If the title of the post motivated you to read further, more likely than not, you have had your share of meetings which bored you to death. Either you were one of the organizers or the participants, but the way typical meetings are run, its a drag for many. Too often, meetings are driven by presentations. They are packed with enough slides to run the meeting ten times over. We have the background story slides, main content slides, then the backup slides and then probably some more.
When you have so much content packed in and you want to run through them all, will the discussion be focused? Will this discussion result in actionable items? Most likely not in my understanding. Contrast this to meetings we run in a real crisis. There are generally no presentations, quick discussions and fast decisions / actions. Why so ? The difference I think lies in the sense of purpose. In a crisis, everyone is exactly clear why they are getting into that meeting – a clear objective that guides the discussion.
The Power of Three
The topics of meetings is so interesting and maybe someone could even do a PH.D on this. Nevertheless, in the spirit of KISS
, here is my take of how to have effective meetings. For a meeting that brings value, three questions need to be answered very clearly – both by the organizer and the participants. Two before joining the meeting and one at the end of the meeting, before you close.
Lets take a look at the organizer’s first:
What is the outcome I expect out of this meeting
You need to have a clear problem definition or expected outcome. This also needs to be articulated well, so that the right people will be motivated to join. In today’s busy work environment, executives are faced with conflicting meetings. Having a clear unambiguous agenda makes everyone’s life so much easier – not to mention increasing the participation in your meeting. This also helps the participants to clearly understand what preparation they might have to do before joining.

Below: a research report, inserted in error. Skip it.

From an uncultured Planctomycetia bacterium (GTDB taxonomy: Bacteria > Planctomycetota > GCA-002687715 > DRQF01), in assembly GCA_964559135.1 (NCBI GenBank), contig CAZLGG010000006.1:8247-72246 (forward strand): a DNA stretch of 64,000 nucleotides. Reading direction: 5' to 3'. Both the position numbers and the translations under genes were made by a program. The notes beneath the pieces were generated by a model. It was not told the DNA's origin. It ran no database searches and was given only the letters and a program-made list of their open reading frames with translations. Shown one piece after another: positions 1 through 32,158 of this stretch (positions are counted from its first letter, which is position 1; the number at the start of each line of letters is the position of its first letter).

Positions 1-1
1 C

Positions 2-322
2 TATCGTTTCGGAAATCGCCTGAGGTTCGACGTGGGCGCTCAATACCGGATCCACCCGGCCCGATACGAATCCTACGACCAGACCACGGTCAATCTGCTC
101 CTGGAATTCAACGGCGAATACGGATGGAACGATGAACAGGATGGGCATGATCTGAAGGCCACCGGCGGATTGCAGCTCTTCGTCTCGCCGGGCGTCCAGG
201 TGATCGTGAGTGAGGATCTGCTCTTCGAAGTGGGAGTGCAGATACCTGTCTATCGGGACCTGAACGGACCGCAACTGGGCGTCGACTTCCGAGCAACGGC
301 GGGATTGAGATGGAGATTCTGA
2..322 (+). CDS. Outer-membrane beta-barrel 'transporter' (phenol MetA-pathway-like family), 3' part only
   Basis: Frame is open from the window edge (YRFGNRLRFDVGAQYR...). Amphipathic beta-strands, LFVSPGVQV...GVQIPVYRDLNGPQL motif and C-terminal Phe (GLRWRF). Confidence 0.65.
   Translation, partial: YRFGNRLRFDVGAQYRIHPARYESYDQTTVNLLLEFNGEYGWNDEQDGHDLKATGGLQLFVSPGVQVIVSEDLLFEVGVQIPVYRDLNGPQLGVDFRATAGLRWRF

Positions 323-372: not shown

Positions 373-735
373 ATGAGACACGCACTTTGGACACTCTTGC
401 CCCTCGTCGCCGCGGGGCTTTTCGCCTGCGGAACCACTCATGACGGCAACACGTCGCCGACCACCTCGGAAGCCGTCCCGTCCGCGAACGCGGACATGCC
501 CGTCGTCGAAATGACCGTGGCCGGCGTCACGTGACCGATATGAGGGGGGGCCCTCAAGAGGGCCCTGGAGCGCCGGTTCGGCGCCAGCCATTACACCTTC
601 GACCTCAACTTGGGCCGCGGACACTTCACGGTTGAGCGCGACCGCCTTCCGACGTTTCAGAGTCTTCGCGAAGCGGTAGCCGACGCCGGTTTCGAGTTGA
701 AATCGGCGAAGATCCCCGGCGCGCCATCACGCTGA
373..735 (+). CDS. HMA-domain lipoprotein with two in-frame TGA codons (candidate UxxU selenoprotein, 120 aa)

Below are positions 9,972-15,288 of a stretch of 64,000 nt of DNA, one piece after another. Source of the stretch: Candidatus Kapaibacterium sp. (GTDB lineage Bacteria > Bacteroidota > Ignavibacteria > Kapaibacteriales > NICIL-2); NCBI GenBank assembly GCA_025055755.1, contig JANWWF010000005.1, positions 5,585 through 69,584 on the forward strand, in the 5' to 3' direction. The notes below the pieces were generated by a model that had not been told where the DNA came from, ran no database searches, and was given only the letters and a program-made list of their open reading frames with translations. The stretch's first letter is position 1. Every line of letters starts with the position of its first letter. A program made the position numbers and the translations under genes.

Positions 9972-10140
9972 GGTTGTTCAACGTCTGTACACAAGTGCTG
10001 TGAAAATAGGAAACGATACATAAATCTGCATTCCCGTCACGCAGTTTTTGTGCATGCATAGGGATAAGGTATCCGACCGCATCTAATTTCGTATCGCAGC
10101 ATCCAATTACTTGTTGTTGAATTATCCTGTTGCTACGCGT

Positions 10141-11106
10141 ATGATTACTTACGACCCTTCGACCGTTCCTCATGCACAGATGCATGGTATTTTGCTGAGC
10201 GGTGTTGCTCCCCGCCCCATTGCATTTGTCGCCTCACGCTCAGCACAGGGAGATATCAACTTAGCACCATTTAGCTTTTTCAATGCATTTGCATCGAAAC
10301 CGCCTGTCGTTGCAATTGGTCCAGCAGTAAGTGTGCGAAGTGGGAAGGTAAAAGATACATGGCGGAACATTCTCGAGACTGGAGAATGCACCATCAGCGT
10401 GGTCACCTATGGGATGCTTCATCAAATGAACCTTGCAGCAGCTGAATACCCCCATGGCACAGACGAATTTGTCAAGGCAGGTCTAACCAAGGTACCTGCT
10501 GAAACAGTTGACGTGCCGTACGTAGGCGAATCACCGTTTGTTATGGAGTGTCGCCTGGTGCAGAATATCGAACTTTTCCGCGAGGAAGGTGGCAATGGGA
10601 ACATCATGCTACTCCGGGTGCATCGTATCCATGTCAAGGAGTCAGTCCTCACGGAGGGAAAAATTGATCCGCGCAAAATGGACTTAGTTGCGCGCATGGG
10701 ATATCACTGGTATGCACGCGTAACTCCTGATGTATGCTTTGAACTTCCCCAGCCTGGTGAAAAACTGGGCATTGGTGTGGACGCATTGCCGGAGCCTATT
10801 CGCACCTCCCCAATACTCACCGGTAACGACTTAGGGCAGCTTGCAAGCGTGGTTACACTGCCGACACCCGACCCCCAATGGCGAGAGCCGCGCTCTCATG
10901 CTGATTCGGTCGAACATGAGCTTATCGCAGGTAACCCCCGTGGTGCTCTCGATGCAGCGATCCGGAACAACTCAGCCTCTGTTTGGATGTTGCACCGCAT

Is everyone on the invitation list a contributor?
Are the people on the list really contributors or “for your information” only. The latter would be more than happy to get notes from meeting than join a meeting in which they have nothing to contribute. It saves their time and yours – as discussions in smaller groups with the most relevant people are often more focused and productive.
What do we do next?
There is no point in discussing and debating till the very end. Last few minutes need to be spent summarizing the key points discussed and the next plan of action. As an organizer you need to make sure everyone goes out of the meeting with clear understanding of what is expected of them next.
And now the questions for the participants,
Do I understand the purpose of this meeting?
You need to really ask yourself if you understand the objectives of the meeting. That is the first step to answer the next question. Also, if the answer to both the questions is in affirmative, it will help you prepare for the meeting.
Am I really required for this meeting?
You may understand the purpose, but are u going to be a contributor or decision maker. Maybe the meeting does not need someone at your level, but a junior or a senior person or a colleague who has more knowledge on the topic. The senior person and the colleague decision is easy because you know what you cannot do, but the junior person is not easy. You could take part and maybe contribute as well, but should you ? Where possible, you must delegate and empower your team to handle things, freeing your time to do things higher up the value chain.
What am I supposed to do next?
Make sure you have clearly understood what is expected of you as a next course of action, if there is any. Leaving a meeting without this crucial information means you will handle the tasks sub-optimally – inviting more meetings.
Using the power of three wisely helps achieve the real purpose of meetings – move things forward. Those are the ones I love to attend and think most others too.
So when are you running your next meeting with the power of three?